I would like to mention that compiler from visual studio 2008 does not link those two symbols.

share|improve this question

Why does the compiler not complain?

Note that "class", "struct" and "namespace" all define a namespace as far as the compiler is concerned. So the compiler decorates the symbols accordingly. It would complain if you define both the class and the namespace in the same file, however it is not the case here.

Why does the linker not complain?

The way you have written the code, leaves the func() defined in namespace foo weaker than the func() defined in class foo. Basically, the func() defined in namespace foo is just a signature without implementation. You can see that it is left to the linker to resolve the symbol at runtime because the implementation is not in main.cpp:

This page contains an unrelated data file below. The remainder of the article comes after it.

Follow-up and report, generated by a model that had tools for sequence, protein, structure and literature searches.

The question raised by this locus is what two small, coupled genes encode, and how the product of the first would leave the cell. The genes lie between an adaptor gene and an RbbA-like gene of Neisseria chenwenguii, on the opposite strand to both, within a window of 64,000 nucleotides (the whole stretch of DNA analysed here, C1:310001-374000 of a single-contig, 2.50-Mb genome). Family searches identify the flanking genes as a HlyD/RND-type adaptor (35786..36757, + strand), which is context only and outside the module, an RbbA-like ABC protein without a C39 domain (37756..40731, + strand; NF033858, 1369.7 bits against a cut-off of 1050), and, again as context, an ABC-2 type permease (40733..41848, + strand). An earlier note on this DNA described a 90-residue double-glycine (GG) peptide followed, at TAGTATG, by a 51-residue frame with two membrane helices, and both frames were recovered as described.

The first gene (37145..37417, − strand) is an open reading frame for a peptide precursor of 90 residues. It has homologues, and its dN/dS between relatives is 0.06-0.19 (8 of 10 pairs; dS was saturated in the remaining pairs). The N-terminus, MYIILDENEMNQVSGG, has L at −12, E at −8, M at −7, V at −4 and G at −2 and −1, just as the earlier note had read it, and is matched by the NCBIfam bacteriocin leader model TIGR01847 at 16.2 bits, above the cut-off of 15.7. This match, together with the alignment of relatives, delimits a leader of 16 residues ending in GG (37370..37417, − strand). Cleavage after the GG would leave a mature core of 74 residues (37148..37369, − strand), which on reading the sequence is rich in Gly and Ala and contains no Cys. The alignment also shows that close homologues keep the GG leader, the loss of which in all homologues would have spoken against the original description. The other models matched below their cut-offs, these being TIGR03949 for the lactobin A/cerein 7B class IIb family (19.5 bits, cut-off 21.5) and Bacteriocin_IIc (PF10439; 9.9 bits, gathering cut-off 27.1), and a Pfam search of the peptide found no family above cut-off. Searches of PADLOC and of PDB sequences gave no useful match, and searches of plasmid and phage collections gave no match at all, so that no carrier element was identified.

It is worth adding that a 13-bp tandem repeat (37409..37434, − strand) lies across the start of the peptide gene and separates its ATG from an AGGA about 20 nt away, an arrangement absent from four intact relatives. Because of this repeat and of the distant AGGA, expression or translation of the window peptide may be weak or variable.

nm main.o
       U _ZN3foo4funcEv
//Here^^^^

This way, since the namespace and class names happened to be the same (resulting in same symbols for foo::func), linker solves the symbol at linktime, finds a strong definition with the same symbol, and links against it.

If you were to implement the func() in the namespace foo as well:

/**
 * main.cpp
 */
#include <stdio.h>

namespace foo
{
    int func(void) {
        printf("NM_FOO [%s:%d]: %s\n", __FILE__, __LINE__, __FUNCTION__);
        return -1;
    };
}
int main(void)
{
    int ret = foo::func();
    printf("[%s:%d]: ret=%d\n", __FILE__, __LINE__, ret);
    return 0;
}

You would have seen that the linker complains with: